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  • Belling the Cat:Heroism and the Little Hero
  • Gregory Maguire (bio)

A story to start us off.

A hungry cat had come to stay and all the mice lived in fear. The mice decided they would call a meeting. When they were all together, the biggest mouse stood up and said, "There is a hungry cat about. As long as he walks these woods, not one of us is safe. So I ask you all to think. What are we to do?"

Then one mouse gave a plan. And one mouse gave another. And still a third had his say and on and on until a very young mouse spoke.

"Friends," he said, "I think that we can solve this problem easily: Hang a bell on the cat. Then we will know when he is near and we can stay out of his way."

"A good idea!" someone called. And all the other mice agreed. "We'll all be safe at last!" they said and danced around until a very old mouse spoke.

"Friends," he said. "One moment, please.

Things are easier said than done—

The old and wise will tell you that.

So now, will someone tell me this:

Who is going to bell the cat?"

Aesop dishes up a little fable for us, which works as a fable should: it proposes a little dilemma, and revolves itself just at the point at which a simple lesson can be extrapolated and digested easily. This retelling by Eve Rice from Once in a Wood: Ten Tales from Aesop emphasizes through the time-honored use of rhyme the moral at the end—things are easier said than done. The satisfaction of the fable is that of the wisdom of the venerable elderly guarding against the foolishness of youth. The character we identify with is Old Grandfather Mouse. He retires from his moment in the limelight, a bit smug with his success, perhaps, knowing he's saved the occasion from the delusion of safety. A tasty moment, and one we all enjoy.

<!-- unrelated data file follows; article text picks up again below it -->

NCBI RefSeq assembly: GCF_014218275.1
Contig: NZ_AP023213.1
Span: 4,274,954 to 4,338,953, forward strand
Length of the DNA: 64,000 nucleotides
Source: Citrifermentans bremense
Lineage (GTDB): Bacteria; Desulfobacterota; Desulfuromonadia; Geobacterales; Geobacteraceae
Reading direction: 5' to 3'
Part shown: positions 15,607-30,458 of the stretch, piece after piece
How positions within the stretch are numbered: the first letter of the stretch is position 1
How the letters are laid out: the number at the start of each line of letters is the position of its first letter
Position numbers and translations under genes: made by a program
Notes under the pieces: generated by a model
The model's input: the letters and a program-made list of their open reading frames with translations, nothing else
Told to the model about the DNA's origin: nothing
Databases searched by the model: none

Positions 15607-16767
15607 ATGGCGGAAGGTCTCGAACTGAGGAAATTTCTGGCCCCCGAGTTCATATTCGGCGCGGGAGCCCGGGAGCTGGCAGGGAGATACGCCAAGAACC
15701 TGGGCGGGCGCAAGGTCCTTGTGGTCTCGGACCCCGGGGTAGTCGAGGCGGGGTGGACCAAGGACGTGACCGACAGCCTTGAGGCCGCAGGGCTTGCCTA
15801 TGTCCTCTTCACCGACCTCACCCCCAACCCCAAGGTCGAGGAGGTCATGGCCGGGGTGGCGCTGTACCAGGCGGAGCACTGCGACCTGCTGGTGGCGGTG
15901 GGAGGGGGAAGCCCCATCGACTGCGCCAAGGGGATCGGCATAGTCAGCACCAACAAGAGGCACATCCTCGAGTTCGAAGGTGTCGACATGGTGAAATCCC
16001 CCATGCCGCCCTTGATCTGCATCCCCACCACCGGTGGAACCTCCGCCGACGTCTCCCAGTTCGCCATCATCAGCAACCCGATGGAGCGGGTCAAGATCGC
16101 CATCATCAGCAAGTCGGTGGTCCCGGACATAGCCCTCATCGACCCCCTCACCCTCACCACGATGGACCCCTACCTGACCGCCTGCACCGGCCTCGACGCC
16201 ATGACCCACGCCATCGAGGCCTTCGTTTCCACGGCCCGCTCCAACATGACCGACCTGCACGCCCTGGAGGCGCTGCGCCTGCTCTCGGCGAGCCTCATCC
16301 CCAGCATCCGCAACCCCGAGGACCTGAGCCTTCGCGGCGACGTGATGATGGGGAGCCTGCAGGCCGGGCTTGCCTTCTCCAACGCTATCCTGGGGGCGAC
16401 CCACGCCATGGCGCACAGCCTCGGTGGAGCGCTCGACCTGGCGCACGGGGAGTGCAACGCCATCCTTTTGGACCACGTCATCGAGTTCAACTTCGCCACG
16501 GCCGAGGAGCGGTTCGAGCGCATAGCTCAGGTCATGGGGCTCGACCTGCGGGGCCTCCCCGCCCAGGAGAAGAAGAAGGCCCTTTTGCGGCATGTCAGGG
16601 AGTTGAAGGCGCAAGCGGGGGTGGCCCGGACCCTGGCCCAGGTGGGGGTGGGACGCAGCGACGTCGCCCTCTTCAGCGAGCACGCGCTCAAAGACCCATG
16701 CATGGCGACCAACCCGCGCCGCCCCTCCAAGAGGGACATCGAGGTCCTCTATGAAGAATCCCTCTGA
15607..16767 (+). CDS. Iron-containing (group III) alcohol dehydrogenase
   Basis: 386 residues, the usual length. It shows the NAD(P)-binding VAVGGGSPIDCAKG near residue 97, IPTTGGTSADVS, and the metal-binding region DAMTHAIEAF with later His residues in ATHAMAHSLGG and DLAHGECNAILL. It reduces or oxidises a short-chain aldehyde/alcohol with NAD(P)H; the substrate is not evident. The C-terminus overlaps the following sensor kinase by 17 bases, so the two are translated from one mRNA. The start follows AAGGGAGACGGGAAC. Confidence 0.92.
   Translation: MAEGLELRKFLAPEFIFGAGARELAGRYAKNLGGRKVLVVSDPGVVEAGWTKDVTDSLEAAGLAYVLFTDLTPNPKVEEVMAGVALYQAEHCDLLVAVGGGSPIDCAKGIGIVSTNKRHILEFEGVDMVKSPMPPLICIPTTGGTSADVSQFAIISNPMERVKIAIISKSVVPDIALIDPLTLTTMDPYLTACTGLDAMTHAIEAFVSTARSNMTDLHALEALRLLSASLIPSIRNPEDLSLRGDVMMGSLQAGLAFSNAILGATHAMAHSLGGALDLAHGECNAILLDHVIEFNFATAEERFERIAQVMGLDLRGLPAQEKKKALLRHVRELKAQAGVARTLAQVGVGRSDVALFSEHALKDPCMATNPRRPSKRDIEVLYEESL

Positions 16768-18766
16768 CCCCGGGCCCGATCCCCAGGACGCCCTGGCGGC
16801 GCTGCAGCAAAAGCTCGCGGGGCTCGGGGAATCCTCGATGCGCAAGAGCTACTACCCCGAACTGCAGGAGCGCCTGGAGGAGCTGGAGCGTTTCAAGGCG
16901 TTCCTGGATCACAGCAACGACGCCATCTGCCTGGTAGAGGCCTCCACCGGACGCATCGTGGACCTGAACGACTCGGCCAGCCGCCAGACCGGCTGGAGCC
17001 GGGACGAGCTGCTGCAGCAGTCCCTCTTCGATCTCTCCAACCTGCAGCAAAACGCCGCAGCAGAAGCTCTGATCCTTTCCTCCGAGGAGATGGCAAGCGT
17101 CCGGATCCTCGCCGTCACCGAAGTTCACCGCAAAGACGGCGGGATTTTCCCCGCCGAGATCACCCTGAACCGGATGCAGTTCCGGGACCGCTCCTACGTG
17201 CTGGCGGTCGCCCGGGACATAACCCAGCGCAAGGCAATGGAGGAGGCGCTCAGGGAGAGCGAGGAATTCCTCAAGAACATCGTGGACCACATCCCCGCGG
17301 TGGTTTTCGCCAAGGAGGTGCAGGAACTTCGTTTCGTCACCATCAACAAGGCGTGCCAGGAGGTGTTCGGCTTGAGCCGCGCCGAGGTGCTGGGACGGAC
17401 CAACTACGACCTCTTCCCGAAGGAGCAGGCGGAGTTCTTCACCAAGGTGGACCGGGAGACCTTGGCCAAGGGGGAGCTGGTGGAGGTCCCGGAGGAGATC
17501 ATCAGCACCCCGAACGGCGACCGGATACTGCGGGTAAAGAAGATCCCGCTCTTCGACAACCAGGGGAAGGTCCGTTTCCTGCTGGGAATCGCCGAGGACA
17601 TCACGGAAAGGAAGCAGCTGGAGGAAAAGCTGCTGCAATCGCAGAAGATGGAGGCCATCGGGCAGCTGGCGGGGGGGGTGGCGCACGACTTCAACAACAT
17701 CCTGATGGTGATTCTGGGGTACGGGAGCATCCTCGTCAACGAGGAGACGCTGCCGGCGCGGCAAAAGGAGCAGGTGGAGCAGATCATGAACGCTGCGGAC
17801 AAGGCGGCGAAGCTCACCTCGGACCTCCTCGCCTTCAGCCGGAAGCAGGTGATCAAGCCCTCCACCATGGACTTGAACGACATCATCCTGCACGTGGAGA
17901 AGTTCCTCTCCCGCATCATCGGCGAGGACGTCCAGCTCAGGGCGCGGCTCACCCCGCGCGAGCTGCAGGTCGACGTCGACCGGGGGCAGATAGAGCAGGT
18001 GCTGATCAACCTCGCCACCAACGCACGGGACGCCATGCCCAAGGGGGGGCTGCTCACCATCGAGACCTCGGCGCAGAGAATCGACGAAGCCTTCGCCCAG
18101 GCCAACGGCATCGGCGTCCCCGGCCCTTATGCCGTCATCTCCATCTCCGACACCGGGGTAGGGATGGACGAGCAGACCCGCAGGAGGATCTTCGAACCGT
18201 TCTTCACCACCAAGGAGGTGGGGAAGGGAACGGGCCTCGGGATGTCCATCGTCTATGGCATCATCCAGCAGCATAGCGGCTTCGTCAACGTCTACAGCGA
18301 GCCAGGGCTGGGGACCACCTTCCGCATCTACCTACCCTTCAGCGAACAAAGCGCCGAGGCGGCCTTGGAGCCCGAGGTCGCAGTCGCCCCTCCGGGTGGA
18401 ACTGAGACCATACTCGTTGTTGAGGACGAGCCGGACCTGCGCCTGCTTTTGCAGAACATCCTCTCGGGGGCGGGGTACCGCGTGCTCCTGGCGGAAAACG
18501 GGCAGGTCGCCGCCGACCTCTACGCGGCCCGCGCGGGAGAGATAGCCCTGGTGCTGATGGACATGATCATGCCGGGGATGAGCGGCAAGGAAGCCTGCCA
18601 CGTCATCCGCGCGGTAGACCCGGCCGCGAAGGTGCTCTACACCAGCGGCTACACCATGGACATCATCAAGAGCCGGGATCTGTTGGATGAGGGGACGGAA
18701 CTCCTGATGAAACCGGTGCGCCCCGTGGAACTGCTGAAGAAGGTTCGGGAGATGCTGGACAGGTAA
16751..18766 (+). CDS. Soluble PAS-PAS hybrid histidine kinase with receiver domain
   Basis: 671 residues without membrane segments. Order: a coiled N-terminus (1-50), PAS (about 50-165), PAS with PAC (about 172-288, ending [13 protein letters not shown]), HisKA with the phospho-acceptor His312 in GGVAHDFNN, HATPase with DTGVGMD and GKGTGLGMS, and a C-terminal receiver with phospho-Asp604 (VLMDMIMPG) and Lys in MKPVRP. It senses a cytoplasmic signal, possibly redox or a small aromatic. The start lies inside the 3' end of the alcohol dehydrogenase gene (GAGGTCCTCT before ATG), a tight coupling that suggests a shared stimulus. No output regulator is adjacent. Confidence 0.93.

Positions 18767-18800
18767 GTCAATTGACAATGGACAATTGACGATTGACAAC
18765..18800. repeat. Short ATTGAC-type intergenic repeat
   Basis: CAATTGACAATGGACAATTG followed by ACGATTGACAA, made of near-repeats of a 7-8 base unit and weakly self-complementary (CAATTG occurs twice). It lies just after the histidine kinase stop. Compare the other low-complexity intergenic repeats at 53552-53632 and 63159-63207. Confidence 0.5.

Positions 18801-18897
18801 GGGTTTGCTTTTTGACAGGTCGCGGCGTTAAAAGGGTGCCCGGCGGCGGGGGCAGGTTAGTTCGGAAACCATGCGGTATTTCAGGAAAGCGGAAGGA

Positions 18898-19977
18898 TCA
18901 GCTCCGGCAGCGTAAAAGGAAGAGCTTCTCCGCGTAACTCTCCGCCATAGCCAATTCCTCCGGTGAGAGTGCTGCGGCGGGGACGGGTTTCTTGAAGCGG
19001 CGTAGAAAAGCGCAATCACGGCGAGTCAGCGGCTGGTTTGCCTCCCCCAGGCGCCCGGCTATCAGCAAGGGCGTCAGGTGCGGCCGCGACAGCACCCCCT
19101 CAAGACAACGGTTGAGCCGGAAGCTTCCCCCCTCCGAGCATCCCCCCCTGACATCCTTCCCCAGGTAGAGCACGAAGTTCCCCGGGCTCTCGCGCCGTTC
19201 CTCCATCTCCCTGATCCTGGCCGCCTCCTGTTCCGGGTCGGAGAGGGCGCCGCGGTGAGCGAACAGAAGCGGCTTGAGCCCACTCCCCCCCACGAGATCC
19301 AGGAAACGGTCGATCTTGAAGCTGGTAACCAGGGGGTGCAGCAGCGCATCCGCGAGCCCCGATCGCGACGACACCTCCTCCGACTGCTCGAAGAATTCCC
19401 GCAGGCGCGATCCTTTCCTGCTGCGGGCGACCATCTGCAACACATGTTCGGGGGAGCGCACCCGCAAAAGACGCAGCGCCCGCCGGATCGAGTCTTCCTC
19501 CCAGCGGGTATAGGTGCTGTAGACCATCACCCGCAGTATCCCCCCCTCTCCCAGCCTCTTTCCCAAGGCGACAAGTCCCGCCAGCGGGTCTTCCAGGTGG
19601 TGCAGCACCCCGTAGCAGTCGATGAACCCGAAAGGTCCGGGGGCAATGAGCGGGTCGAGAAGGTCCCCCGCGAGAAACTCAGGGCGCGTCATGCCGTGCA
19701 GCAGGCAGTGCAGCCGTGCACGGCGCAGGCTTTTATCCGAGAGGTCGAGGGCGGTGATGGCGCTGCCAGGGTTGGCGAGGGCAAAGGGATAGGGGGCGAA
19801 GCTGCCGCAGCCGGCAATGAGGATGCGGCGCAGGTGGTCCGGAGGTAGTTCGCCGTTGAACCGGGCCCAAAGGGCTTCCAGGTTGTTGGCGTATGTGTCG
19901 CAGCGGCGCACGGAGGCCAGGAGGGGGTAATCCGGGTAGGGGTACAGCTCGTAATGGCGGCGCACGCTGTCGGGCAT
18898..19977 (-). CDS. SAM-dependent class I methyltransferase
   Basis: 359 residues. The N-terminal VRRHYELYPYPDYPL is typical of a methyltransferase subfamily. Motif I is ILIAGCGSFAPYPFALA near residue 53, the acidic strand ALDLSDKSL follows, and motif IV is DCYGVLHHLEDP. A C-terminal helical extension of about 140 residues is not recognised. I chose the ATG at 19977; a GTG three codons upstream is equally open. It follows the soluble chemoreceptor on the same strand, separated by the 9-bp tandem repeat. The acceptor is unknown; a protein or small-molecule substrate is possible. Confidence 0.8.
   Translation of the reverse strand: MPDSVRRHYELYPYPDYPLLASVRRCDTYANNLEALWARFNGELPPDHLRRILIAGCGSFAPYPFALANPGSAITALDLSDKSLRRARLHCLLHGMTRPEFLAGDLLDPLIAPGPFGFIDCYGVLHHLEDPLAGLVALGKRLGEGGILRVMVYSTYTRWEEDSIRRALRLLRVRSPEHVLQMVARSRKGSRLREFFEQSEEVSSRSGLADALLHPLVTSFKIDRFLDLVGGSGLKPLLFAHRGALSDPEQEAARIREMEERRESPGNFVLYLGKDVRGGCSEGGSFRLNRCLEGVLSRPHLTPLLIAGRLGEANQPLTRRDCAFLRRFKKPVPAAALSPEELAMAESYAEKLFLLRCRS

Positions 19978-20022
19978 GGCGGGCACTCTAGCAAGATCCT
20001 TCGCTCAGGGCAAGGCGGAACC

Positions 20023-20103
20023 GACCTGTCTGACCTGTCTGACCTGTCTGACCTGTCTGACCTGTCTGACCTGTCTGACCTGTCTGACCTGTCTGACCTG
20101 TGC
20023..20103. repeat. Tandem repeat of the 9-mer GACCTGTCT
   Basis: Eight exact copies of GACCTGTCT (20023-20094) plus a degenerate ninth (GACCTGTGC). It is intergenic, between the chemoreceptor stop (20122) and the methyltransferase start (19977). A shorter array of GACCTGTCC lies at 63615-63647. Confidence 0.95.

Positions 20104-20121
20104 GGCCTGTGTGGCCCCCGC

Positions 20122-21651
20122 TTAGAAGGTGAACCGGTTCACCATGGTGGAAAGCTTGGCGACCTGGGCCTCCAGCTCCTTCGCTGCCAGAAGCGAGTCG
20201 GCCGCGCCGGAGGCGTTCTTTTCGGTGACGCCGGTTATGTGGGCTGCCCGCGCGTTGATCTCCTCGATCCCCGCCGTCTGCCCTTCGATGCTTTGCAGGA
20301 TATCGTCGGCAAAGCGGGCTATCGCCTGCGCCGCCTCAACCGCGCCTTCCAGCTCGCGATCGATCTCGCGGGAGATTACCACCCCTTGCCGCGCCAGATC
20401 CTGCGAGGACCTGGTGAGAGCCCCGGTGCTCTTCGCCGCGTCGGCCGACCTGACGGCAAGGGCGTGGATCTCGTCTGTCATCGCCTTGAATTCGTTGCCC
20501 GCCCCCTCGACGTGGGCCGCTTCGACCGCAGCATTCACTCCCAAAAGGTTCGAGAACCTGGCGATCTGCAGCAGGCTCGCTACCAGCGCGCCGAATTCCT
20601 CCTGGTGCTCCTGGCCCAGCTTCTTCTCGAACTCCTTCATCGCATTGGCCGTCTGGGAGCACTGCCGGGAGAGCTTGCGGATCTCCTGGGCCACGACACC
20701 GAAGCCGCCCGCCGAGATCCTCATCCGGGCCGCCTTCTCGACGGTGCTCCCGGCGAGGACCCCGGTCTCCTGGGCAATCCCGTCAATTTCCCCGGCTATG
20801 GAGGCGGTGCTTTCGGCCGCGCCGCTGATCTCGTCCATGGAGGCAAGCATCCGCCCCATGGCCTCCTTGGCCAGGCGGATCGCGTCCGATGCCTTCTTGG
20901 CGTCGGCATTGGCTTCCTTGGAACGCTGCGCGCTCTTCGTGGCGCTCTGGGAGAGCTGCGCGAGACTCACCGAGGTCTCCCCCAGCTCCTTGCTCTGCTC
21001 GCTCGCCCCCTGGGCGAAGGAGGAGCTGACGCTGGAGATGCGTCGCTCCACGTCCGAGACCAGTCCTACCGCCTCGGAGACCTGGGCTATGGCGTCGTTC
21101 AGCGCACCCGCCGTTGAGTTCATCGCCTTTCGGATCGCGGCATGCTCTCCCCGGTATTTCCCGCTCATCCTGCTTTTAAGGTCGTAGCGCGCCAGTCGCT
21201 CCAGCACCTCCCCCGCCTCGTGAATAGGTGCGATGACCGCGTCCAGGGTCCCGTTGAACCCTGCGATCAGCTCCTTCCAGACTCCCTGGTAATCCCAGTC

Not long ago I was treated to an unexpected memory. I remembered being the lone child at the family dinner table. An unusual occasion, I don't know where my six siblings were, but I know I was the only child [End Page 102] at the table, and the adults included my parents and a guest, a friend of my dad's—an affable, barrel-chested, opinionated, outgoing insurance broker. My dad mentioned that I had been occupying myself that summer—I was twelve years old at the time—with writing stories to entertain my younger siblings. "Great, wonderful," roared the guest, "kids' stories are fine, I just hope they're not about mice. All these stories about talking mice give me the willies."

I was both curious and offended. In fact, I wasn't writing about mice, but I had entertained for some time a rather substantial hope that all those books about small creatures who lived on the underside of our world were true, simultaneously, and that the world was crawling with intelligent, articulate vermin and their many small friends and relations. Chester the Cricket in Times Square and the Twelves out on the moors and Mrs. Tiggy-winkle and company and Pooh and Piglet and Eeyore and all—and by now they'd have been joined by the Indian in the Cupboard and the Mouse on the Motorcycle. I imagined vast, complex, Tolstoyesque fictions in which the characters conferred with each other, created new allegiances, suffered new betrayals and braved new worlds together. Miss Bianca might throw over faithful Bernard if the vagabond Stuart Little passed by on his travels, though could Stuart ever be satisfied with life in a Porcelain Pagoda? After they left the rosebush, might the rats of NIMH find succor in the warrens of the brave rabbits on Watership Down? And it wasn't impossible to imagine the Borrowers stumbling across the mammoth meadows of Malplaquet, and falling upon the necks and breastbones of their literary kind, the Lilliputians from Mistress Masham's Repose. To a 12-year old, adult life on a miniature scale seemed perfect—both a toy to be manipulated...

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Additional Information

ISSN
1080-6563
Print ISSN
0147-2593
Pages
pp. 102-119
Launched on MUSE
2009-01-01
Open Access
No
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